Together, We Do Anything for Animals
Woodland Park Zoo and Seattle Aquarium Celebrate World Habitat Day
SEATTLE—Together, we do anything for animals.
Today is World Habitat Day, and the Seattle Aquarium and Woodland Park Zoo have teamed up to celebrate our commitment to the species and spaces of the beautiful Pacific Northwest.
Cisco the 34-year-old Harris’s hawk ventured from Woodland Park Zoo with Animal Keeper Kam Thiele for a private adventure at the Seattle Aquarium’s Window on Washington Waters habitat.
While raptors normally have a bird’s-eye view of salmon down below, this encounter was a once-in-lifetime experience for both the fish and their feathery visitor, as they were eye-to-eye for the very first time. Cisco watched like a hawk (pun intended) as the salmon and rockfish received a morning feeding from Brianne (Bri) Ankenman, Aquarist.
The aquarium and the zoo partner year-round with a shared mission to save wildlife, and October in the Pacific Northwest is particularly special. October is the month where Native people, the original stewards of this land, are recognized on Indigenous People’s Day. It is the month of salmon spawning, a critical indicator of habitat health and reminder about the importance of clean water. It is a time for reflection about the connectedness of animals, humans and the environment. And this month we highlight the Wild at Heart series and the partnership between the zoo and the Aquarium.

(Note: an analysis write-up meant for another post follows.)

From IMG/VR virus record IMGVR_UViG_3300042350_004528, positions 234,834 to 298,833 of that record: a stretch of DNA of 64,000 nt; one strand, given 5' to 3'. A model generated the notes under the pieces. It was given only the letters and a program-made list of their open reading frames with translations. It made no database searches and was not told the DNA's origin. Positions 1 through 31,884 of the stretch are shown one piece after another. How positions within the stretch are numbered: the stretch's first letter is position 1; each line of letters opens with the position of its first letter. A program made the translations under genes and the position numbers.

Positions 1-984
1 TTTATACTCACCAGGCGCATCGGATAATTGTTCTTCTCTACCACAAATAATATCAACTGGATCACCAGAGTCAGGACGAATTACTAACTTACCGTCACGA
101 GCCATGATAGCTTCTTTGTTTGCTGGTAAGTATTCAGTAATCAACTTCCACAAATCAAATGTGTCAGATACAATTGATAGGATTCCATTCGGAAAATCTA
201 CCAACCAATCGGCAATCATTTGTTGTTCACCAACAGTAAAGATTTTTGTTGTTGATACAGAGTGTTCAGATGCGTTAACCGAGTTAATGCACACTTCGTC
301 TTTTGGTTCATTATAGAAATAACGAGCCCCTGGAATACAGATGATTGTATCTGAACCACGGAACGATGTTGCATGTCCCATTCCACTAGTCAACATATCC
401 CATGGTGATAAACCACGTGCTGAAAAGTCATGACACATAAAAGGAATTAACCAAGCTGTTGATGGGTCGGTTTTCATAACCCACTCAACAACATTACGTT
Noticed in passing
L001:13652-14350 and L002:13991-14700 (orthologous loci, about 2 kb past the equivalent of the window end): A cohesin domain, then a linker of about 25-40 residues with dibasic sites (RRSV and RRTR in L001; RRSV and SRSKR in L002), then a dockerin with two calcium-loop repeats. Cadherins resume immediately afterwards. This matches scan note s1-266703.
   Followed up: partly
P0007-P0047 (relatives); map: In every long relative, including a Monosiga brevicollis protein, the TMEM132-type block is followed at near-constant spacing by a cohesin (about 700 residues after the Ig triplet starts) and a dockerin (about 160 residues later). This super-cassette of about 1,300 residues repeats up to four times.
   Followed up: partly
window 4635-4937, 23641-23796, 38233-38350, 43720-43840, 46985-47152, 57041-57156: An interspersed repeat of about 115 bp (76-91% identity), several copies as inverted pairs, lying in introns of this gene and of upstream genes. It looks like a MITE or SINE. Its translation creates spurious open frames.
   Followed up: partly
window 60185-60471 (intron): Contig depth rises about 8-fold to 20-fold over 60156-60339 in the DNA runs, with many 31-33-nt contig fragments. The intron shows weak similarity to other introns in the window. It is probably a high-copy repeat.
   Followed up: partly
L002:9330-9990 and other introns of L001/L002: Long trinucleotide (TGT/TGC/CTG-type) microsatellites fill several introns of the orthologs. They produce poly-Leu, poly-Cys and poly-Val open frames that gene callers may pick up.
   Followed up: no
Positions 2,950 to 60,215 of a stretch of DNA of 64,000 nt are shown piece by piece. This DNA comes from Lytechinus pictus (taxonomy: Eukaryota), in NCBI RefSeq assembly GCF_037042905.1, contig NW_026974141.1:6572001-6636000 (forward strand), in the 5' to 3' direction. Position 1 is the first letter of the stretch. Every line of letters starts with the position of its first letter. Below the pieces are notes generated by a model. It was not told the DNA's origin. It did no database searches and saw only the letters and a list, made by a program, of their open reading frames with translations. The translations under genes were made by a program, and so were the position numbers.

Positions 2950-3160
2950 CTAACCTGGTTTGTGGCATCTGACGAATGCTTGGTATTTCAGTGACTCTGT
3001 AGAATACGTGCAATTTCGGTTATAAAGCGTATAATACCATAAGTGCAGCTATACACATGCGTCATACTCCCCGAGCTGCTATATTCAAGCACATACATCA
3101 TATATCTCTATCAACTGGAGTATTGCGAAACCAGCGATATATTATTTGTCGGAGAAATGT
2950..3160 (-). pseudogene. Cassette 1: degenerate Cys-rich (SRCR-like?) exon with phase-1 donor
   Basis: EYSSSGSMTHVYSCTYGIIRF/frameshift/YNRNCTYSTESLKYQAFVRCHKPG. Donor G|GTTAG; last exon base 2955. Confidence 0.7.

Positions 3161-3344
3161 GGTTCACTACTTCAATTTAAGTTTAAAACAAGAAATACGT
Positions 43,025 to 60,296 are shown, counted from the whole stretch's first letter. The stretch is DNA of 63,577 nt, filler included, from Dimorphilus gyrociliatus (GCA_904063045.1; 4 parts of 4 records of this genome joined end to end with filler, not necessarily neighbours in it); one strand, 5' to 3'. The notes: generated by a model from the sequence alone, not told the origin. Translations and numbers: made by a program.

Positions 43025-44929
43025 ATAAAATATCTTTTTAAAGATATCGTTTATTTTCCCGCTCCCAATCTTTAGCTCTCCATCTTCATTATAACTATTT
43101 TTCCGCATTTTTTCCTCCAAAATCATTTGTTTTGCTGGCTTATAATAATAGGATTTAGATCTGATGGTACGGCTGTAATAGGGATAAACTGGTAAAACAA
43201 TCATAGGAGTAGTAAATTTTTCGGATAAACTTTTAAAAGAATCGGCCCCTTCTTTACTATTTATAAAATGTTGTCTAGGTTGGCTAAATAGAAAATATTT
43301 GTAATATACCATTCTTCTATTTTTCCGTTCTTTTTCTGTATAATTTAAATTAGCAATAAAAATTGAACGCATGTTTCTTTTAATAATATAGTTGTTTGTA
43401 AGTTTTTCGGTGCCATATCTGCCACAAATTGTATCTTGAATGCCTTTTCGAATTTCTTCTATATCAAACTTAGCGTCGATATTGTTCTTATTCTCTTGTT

To see a video of the meeting between Cisco, salmon, and keepers Kam and Bri, visit the Seattle Aquarium or Woodland Park Zoo social media or visit: https://www.youtube.com/watch?v=N3fbxJ6gmG4
Living Northwest with Woodland Park Zoo
At Woodland Park Zoo, the Living Northwest started as a signature conservation program and has grown to include an on-site exhibit and a community movement of individuals, partners and policymakers committing to discovery, recovery and coexistence. From educational programs about coexisting with carnivores, to repopulation of native western pond turtles and Oregon silverspot butterflies, the zoo is dedicated to working with our partners to preserve and protect the beautiful Pacific Northwest.
To learn more about what it means to be Living Northwest, visit the zoo’s new PNW conservation website at www.WeAreLivingNorthwest.org and share your favorite photos of regional nature using #IAmLivingNorthwest.
Cedar River Salmon Journey with Seattle Aquarium
Salmon play a key role in our economy and are the cornerstone of our local ecosystem, which supports us all. These amazing creatures are also critical to the health and well-being of Coast Salish peoples, who stewarded these lands and waters for generations and continue to do so today. Plus, our local orcas, J, K and L pod rely on these salmon runs to thrive in the waters of the Salish Sea.
Here in Seattle, we’re fortunate to host one of the few wildlife migrations that runs through the heart of an urban watershed. The Lake Washington/Cedar/Sammamish Watershed supports a threatened run of Chinook—as well as sockeye and coho—salmon. Join us every weekend in October to view the final part, and beginning, of this great migration. Learn more at www.seattleaquarium.org/salmon-journey.
Wild at Heart
Arts, science and heritage are the heart of Seattle. We are a vibrant and rich community of cultural partners -- from artists to actors to animal lovers, museums to musicians, and singers to scientists. We are all Wild at Heart, and we celebrate our unique and collective contributions that bring life to this city. To learn more about Wild at Heart, visit www.zoo.org/together.
Photo and Video credit: Jeremy Dwyer-Lindgren, Woodland Park Zoo